• 1
    @VisioN You are the only one – hek2mgl Apr 8 at 9:06
13

Following suggestion from Matthieu, I'm posting my thoughts below.

I think keeping properly formatted numbers (e.g. 1,234,567) makes more sense than introducing short equivalents (like 1.23M), especially in places where we don't need to win much screen space.

1,234,567 format is good from many perspectives, where the main is readability. I am coming not only from the visual feeling of a number, but also from the fact that it may potentially be more user friendly for non-technical people (I consider this change for SE platform, rather than for SO only).

As an example, quite often my eyes don't get the difference between 123 and 123k in user's reputation, while subconsciously I can clearly see the difference between 123 and 123,456.

Regarding the formatting (separators, grouping, etc), I'd vote for browser locale and/or user preferences.

  • 3
    Why would non-technical people find it more readable to display higher precision in numbers? If anything, it seems order of magnitude displays would be better for non-technical folks. (And everyone else, in this case, for the reasons Matthieu points out.) – Cody Gray Apr 5 at 20:21
  • @CodyGray: I wonder if non-technical people could get confused with the abbreviations. In programming, we are used to kB, MB, etc... however outside you rarely see prices mentioned as $12k for a car, it's more likely spelled out as $12,000. – Matthieu M. Apr 6 at 17:40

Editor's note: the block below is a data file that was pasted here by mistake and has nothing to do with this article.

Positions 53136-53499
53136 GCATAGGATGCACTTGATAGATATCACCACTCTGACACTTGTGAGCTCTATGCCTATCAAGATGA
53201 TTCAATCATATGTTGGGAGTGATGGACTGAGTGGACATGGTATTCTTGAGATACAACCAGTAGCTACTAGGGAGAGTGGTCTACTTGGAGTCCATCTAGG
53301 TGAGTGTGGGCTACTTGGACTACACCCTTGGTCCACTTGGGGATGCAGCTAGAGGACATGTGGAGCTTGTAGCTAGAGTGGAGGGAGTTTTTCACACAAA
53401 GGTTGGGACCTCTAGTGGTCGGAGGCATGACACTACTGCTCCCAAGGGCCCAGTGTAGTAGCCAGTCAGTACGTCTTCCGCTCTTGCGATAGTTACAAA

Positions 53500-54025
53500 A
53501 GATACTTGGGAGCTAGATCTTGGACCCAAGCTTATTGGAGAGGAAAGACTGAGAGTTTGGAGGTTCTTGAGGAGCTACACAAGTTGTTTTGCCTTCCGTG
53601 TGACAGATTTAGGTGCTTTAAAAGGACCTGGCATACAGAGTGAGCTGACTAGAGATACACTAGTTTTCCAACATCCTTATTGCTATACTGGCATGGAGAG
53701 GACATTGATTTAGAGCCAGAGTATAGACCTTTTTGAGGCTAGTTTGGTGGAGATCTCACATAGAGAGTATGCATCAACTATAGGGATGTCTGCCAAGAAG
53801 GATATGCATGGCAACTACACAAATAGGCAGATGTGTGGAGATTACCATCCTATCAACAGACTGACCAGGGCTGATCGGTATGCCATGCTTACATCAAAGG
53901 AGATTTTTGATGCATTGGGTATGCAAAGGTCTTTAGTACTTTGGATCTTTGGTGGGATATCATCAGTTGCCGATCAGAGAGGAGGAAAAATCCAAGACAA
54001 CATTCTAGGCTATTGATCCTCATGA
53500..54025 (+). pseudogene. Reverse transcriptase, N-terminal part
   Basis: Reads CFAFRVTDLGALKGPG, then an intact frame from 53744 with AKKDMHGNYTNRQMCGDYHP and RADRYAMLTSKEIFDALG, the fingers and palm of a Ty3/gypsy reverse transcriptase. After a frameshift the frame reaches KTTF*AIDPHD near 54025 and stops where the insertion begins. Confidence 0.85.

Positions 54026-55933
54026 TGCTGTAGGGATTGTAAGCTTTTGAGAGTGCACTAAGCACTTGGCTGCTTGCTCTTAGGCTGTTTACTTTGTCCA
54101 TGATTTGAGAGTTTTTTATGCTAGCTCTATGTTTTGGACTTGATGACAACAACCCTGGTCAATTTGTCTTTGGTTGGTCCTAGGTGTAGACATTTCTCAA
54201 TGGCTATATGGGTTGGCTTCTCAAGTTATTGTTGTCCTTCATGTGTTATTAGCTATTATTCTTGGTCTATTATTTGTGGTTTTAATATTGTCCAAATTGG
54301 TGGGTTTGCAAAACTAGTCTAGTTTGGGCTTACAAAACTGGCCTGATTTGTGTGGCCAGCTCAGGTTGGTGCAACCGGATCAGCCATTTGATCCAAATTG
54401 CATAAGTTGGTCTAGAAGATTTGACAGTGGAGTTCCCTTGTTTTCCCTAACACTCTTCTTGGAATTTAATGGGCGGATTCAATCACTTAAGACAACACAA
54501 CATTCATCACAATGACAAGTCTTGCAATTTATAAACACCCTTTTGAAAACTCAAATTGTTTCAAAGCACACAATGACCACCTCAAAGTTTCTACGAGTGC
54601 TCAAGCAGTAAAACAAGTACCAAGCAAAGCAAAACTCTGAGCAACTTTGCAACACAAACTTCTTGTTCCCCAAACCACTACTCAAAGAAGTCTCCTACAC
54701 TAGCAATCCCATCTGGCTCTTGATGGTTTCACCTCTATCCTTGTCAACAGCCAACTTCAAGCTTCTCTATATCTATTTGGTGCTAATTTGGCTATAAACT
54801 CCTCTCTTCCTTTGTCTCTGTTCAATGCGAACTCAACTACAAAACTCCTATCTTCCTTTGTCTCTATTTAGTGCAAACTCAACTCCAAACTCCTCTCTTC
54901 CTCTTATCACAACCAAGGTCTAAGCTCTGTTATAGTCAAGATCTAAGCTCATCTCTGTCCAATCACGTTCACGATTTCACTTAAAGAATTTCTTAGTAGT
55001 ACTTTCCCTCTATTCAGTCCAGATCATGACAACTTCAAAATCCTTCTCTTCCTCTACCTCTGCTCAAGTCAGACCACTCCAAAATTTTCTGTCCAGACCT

• 2
    @MatthieuM. I don't think "non-technical people" are illiterate. I struggle to think who would be confused for very long if they see "113k", like, for example, the repotation count of VisioN here. Or if somebody truly finds the concept impossible to grasp, would they even be visiting Stack Exchange? Also, I've seen a lot of people talk about money in the form of $12k. It's not usually official (as in, in an ad or job listing) but it seems fairly common for people to discuss sums of money in "k" or even "mil". Even "non-technical" people. – VLAZ Apr 7 at 12:17
  • 1
    @MatthieuM. "In programming, we are used to kB, MB, etc.." where we should use ko, Mo, etc... ^^ – Stargateur Apr 7 at 14:37
  • Stack Overflow is intended to be a site by experts for experts in the field of programming. We can very safely assume that people who don't understand "1.23M" are not targeted by this site. If you're also talking about other SE-sites you may have a point, but I still believe that the problem with people not understanding those prefixes are very minor. And being able to choose this on user level has very little value compared to the cost of writing the code and maintaining it. – klutt Apr 7 at 21:16